Houston’s Newest Hidden Bar Brings Mexican Drinks and Food In a Secret Setting — Inside Quiote
Through a Curtain and Past a Closed Door at The Toasted CoconutBY Laurann Claridge // 05.24.23
Quiote brings a curated list of 10 special cocktails. (Photo by Pär Bengtsson)
Quiote also has a menu of elevated snacks for noshing. (Photo by Pär Bengtsson)
Preparing the light bites for Quiote shows this hidden speakeasy's power. (Photo by Pär Bengtsson)
Joined behind the bar in a small makeshift kitchen is chef Madelyn Lester who deftly puts out small Mexican-style snack food. (Photo by Pär Bengtsson)
Quiote can be found inside The Toasted Coconut. (Photo by Pär Bengtsson)
Quiote is more than your usual Houston bar. (Photo by Pär Bengtsson)
Quiote can sometimes draw a line. (Photo by Pär Bengtsson)
Bartender Elena Vann oversees the specialty cocktail list with ten drinks (priced $12 to $18), which focus on Mexican-inspired tinctures made with mezcal, tequila, and agave distillates. In fact, there are more than 50 varieties available behind the bar. (Photo by Pär Bengtsson)
Quiote is a sort of hidden Houston bar. (Photo by Pär Bengtsson)
More than two decades ago when the late New York City bartender Sasha Petraske opened the famed bar dubbed Milk & Honey, he — unbeknownst to many — ignited the modern speakeasy trend which would become pervasive for years to come in New York and London. And it eventually spread throughout the globe. Harkening back to the American prohibition era in the 1920s when clandestine bars popped up behind a hushed hidden entrance, you had to know someone or something (a secret code perhaps) to enter.
Back then, I traveled between those cities, excitedly reporting on this drinking trend in PaperCity. A quarter century ago, this represented a new style of craft drinks made with fresh ingredients culled from the kitchen with top shelf liquors served with custom ice cubes. All of which would eventually become commonplace, not to mention inexorably change the way we collectively look at the cocktail culture. Despite being in the tail end of this speakeasy trend, it’s still fun to wander into one, and in my opinion, the campier the setting the better.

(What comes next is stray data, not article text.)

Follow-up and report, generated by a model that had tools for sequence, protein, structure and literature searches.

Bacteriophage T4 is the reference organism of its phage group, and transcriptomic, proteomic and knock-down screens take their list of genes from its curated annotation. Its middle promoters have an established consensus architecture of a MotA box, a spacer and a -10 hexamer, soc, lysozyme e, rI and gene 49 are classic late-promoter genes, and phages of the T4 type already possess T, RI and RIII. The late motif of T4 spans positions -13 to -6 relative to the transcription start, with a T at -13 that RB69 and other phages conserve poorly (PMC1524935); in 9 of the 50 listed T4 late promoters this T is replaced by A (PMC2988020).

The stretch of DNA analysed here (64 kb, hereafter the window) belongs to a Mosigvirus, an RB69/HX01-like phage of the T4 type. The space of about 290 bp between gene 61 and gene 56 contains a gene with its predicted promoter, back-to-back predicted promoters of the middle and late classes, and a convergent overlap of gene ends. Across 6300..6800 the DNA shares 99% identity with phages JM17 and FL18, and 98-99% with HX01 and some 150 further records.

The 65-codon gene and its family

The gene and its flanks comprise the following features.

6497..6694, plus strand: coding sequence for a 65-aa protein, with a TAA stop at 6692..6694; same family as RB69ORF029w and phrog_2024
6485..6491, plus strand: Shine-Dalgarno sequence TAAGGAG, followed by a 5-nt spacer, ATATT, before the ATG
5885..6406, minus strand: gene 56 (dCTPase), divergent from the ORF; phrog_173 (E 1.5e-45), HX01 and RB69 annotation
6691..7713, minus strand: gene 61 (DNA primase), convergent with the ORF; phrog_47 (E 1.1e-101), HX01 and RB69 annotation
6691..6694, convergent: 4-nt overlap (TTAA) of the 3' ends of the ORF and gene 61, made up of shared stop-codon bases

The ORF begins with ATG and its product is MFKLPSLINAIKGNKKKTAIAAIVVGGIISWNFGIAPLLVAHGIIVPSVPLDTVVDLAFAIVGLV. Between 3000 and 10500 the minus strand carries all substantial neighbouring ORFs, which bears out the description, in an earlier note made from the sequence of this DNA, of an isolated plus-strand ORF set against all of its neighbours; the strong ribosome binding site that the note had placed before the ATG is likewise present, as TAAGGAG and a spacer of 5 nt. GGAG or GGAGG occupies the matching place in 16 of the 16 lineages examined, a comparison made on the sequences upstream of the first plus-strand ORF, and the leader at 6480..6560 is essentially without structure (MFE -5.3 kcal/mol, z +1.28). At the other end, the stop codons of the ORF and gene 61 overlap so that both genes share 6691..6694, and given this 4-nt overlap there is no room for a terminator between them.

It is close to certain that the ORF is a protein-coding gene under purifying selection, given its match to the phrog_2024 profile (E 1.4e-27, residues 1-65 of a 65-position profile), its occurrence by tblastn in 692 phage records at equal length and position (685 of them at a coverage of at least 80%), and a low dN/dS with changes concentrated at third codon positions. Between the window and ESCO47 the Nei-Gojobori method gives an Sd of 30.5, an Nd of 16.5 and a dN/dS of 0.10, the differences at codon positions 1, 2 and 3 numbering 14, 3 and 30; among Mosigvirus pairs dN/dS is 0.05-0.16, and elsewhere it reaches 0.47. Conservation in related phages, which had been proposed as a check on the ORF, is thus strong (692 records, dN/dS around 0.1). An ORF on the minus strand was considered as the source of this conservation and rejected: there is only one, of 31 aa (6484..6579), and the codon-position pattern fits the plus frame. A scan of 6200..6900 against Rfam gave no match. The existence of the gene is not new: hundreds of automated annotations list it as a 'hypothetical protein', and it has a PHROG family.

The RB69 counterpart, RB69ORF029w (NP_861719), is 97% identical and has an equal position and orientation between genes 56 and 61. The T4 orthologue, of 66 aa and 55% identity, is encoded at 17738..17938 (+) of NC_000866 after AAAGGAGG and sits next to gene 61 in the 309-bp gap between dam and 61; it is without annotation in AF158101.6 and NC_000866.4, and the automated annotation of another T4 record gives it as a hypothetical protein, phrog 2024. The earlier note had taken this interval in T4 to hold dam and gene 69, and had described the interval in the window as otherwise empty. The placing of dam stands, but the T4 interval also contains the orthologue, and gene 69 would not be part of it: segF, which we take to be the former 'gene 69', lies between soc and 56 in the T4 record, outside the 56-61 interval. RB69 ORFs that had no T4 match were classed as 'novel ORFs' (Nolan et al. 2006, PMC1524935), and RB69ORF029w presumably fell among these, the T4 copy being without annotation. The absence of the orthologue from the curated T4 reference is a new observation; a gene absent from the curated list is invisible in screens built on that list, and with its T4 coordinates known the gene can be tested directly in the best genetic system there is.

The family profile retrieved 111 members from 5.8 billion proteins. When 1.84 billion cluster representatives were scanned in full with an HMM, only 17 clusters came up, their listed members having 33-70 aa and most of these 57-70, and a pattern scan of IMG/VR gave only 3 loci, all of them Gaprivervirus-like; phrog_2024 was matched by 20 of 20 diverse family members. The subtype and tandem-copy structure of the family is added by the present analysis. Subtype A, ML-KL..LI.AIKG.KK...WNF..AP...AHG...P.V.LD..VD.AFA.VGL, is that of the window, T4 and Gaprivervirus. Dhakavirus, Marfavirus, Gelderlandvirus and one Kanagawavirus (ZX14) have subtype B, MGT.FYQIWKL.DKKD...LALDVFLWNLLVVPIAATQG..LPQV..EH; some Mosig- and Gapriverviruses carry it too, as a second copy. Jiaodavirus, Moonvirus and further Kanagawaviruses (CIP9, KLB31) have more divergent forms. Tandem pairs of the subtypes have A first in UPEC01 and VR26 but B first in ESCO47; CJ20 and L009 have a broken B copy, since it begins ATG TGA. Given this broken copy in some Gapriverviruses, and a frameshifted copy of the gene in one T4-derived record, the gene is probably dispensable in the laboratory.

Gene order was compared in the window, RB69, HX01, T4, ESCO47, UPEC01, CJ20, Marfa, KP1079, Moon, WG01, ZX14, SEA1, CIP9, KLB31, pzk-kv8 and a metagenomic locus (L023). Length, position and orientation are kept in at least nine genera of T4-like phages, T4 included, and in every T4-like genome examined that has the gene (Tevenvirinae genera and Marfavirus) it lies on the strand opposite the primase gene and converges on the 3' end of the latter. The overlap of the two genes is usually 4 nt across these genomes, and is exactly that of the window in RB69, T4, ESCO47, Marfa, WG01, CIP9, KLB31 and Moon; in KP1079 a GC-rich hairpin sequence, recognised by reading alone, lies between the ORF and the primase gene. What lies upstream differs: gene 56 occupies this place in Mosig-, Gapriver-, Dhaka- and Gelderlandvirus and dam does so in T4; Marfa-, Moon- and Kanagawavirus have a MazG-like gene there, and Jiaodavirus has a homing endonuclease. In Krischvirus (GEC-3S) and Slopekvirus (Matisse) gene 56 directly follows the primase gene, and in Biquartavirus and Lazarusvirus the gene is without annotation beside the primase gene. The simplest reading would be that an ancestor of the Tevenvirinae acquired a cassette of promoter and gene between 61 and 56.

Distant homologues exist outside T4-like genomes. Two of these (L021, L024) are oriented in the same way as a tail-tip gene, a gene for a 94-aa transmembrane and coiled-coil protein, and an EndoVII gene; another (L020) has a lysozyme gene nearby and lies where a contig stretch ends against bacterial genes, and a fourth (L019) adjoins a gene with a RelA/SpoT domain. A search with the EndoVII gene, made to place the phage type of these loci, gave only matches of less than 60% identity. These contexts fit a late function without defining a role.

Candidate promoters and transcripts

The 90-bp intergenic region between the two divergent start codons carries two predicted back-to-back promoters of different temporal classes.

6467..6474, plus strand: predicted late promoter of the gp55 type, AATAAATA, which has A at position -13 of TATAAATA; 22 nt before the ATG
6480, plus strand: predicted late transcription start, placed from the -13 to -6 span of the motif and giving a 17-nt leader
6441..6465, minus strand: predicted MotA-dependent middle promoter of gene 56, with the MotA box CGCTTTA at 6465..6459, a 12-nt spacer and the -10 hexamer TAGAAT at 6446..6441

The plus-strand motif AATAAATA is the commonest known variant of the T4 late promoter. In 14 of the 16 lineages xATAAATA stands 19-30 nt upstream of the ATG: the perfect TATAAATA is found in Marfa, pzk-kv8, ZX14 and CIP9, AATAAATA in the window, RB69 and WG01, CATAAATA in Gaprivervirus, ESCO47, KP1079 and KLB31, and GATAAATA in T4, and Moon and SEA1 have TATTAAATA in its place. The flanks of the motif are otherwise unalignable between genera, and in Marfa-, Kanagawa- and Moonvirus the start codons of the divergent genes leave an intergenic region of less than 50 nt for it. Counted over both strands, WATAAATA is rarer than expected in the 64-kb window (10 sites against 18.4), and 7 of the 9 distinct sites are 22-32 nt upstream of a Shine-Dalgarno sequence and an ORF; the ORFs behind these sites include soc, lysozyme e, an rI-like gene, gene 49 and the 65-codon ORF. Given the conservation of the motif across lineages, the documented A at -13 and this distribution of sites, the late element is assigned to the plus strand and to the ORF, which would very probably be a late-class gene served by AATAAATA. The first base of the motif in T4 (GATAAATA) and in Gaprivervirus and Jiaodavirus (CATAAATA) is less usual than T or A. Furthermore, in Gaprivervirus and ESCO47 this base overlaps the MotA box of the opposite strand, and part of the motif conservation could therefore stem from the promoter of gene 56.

Giving us lots of kitsch vibes is Houston’s own new-ish speakeasy Quiote, posed inside Martin and Sara Stayer’s Tiki-style restaurant The Toasted Coconut on Richmond Avenue. With Quiote 0pening at 6 pm Thursdays through Sundays, visitors are ushered past the curtained entry to the restaurant’s private dining area and led to a closed door covered with plastic fronds and faux flowers hot glued in place.
Step over the threshold and you’ll discover a dimly lit space illuminated after dark with pillar candles and fairy string lights strung in between branches hanging overhead. The cement-topped bar, poured with tiny specks of beach glass, seats just 14. On most weekends we’re told, diners and drinkers alike begin to queue up around 4:30 pm to secure one of Quiote’s coveted stools.
Bartender Elena Vann oversees the specialty cocktail list with 10 drinks (priced from $12 to $18), which focus on Mexican-inspired tinctures made with mezcal, tequila and agave distillates. In fact, there are more than 50 varieties available behind the bar. Drinks range from the classic margarita ($14) made with Arette Blanco tequila or Del Maguey Vida mezcal to the Chamboy Bien ($16) Quiote’s answer to a mango margarita with pickled fruit to La Campanita ($16) a roasted red bell pepper infusion with mole bitters, lemon, piloncillo (Mexican brown sugar) spirited with the white oak aged Arette Reposado tequila. Drinks are often served in charming, thick-lipped terracotta vessels handmade by ceramist Lori Munoz who moonlights at Toasted Coconut’s sister restaurant Nobie’s.
The Quiote Food
Joined behind the bar in a small makeshift kitchen is chef Madelyn Lester who deftly puts out small Mexican-style snack foods. With a limited menu of seven items. You can nibble on raw or roasted oysters ($21), or pleasantly spicy steak tartar ($22) with dollops of avocado and olive mousse, rough-cut Marcona almonds, and a Veracruz-inspired salsa macha — a rich chile oil infused with myriad chiles, garlic and pecans for that Texas twist, served with crisp tortillas.
I enjoyed the vegetarian-friendly sweet potato tostada ($12) made with coal-roasted sweet potatoes and set atop a thin, crisp tostada sprinkled with a black bean and sesame crumble and small chunks of mild feta cheese. Not to mention the soft masa maitake taco ($12) made with braised maitake mushrooms (also known as hen of the woods), placed on a white bean puree and dotted with pickled onions.
The kampachi crudo ($14) is a don’t-miss dish. The petite-sized portion is made with farmed yellowtail topped with a persimmon mole with slivers of pickled pears and crunchy pepitas strewed atop. Service is set at a leisurely pace, as the chef and bartender both cook and serve each Quiote dinner themselves.
This is not a substitute for dinner, mind you, but Ouiote makes for a fun late-week escape or as a simple prelude for the main course elsewhere, perhaps even next door.
Quiote is located inside The Toasted Coconut at 1617 Richmond Avenue. It is open from 6 pm till “lateish” Thursdays through Sundays.